I really, really tried hard to enjoy it here. But I simply can't.
The only people who truly enjoy being here are those who love the outdoors, and put them far above academics.
As a state school, the majority of students are obviously from in-state. This means most people do not move far from their highschool social groups. People are generally stuck up and difficult to approach. There is a huge lack of respect around campus and in the dorms. Litter is very, very common, and though this is by no means the faculties fault, it is still very tiring to look at. Out of state students are much easier to befriend, but they are quite the rarity.
As far as academics are concerned: they're simply a joke. This entire school runs on a cookie-cutter system. You're given information to digest and regurgitate. There is no room for creativity or independent thought. The majority of professors are not fit to teach their classes - especially in the required seminar classes, where the professors quite literally read from the syllabus throughout the entire semester. Those professor who truly are knowledgeable field are stuck teaching 100 level classes, and are very ignorant, especially in the chemistry department. I have had only one professor this semester who is competent with office hours - but by and large any help you need will have to be in the help centers of campus, or through tutors which you may hire for free. These services are great, in my opinion, although some tutors in the math learning center are literally unable to help with Calc I, and yet they will waste your time pretending they can. Most of the help centers are flooding, and some require appointments far in advance. But once more, your grades are based ENTIRELY on regurgitation of information - and being so distant from your professors results in nearly no chance of empathy.
The town is great - if you're over 21. There are numerous events throughout the year downtown, open to all ages, but they are mostly family events, not something a college student will really enjoy. And, as stated earlier, there is great skiing and other outdoor options. The bar life, however, is apparently very good, and live music can be found somewhere almost every night. I would love to live here, but learning here is a different story.
Student groups on campus are pretty pathetic. There are a few that have a lot of members and are very activity, but anything involving special interests such as politics, are pretty sparce. I've tried getting involved with multiple clubs, and every meeting was composed of ~5 people or less, all who were die-hards for their group and left you no opportunity to advance. However, people who are active on campus do tend to be much friendly, but it still leaves much to be desired if you want to gain leadership skills.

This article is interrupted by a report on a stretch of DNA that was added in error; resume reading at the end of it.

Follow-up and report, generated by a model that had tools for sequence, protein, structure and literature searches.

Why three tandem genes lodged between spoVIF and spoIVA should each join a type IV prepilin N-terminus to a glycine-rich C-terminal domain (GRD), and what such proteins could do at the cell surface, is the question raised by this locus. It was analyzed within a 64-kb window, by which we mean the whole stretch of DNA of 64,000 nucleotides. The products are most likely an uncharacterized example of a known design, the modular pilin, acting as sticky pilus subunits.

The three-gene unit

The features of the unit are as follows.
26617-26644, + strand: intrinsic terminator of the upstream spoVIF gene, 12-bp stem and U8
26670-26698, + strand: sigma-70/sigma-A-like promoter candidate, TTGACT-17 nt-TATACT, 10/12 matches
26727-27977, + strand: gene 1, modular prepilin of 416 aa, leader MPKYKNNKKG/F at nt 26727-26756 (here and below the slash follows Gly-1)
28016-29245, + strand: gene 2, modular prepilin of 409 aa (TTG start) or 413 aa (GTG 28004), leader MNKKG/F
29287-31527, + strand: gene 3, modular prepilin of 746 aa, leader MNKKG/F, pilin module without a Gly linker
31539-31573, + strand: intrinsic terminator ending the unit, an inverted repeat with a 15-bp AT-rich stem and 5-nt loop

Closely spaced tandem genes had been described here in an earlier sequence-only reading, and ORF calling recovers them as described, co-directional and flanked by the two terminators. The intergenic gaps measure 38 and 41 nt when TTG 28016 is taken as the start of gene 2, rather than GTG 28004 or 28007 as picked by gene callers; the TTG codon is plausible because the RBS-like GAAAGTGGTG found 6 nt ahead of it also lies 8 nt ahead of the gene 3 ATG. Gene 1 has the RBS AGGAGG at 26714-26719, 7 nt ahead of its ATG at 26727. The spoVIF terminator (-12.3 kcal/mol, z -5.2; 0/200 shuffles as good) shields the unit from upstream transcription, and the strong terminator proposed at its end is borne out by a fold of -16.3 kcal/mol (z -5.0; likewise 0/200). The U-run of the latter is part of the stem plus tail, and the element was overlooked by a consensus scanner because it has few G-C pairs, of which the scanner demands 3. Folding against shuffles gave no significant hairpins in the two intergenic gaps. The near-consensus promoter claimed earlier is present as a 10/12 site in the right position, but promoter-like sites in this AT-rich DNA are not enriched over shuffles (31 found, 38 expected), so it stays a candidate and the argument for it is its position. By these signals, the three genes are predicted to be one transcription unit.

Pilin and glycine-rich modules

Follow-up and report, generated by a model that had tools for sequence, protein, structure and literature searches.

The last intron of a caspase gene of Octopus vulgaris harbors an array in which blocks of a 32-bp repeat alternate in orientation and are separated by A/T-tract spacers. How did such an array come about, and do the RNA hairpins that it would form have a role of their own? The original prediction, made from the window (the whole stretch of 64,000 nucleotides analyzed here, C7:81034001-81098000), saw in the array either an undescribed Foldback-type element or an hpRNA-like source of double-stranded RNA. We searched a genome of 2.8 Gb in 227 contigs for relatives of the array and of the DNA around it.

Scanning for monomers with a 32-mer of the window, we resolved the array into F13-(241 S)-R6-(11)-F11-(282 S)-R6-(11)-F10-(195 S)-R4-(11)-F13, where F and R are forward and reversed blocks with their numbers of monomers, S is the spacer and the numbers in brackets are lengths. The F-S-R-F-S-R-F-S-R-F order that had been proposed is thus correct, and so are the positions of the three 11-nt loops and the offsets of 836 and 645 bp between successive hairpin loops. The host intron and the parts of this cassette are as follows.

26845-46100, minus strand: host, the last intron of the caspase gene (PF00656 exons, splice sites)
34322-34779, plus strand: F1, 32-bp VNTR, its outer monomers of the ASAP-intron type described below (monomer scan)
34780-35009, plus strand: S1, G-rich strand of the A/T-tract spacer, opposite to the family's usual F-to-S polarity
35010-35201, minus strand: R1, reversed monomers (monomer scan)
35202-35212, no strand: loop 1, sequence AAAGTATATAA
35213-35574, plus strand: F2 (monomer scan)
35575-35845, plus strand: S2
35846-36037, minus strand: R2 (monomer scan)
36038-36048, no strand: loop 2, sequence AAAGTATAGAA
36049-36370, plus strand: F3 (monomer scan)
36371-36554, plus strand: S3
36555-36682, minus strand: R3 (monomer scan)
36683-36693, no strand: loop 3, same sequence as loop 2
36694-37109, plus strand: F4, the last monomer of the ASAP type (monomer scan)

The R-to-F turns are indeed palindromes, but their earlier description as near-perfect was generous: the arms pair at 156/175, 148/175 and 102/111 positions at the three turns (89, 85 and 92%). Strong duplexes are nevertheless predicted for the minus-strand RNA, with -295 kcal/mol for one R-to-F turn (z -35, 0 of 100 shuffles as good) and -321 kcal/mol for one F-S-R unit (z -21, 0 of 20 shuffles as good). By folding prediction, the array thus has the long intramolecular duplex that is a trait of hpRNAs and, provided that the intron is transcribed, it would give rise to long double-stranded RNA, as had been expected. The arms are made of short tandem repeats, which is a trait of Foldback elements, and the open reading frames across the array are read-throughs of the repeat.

The university does a poor job staying in contact with students. It feels like there is never anything going on, and one must rely on flyers dangling from bathroom stalls if they're looking for something to attend.
If you love to party, you're not in luck. Most of the fraternities are very friendly on campus, but due to recent legal issues, a couple are on probation and people as a whole are starting to avoid them. House parties tend to be better, but get broken up almost instantaneously. The majority of students seem to stick to their rooms with a case of beer, and cause drunken havoc in the dorms.
As a whole, I am not happy here, and my only enjoyment is found when I can take a break from schoolwork and learn something on my own that is actually useful (I spend more time watching free lectures online than I do in my actual lectures). Going to class always seems like a chore and a waste of time, and you are given no credit for having proper concepts on exams: it's all or nothing.
My only enjoyable academic experience has been found in my labs, and I believe I was lucky to be assigned really relaxed TAs - I've heard horror stories from other students in different lab sections.
I was originally a mechanical engineering major, but as my professor said on the first day of class "I'm not going to teach you anything, I'm just gonna introduce you to stuff", I decided it was a waste of time and switched to Economics, with a minor in computer science. The CS department is not bad - they do try to get you involved in the field from day one, and professors are always pushing students to compete in contests and so forth. As far as economics go, it is heavily agriculture-focuses, and broadly Keynesian in nature, which may or may not be a good thing depending on your political preferences.
Anyway, although this is very unorganized, I repeat: do NOT come here if you are seeking academic fulfillment. The only appealing factor is the cost, and only if you're an in-state student. Otherwise, GO ELSEWHERE.
I am transferring next fall to the University of Wisconsin - Madison.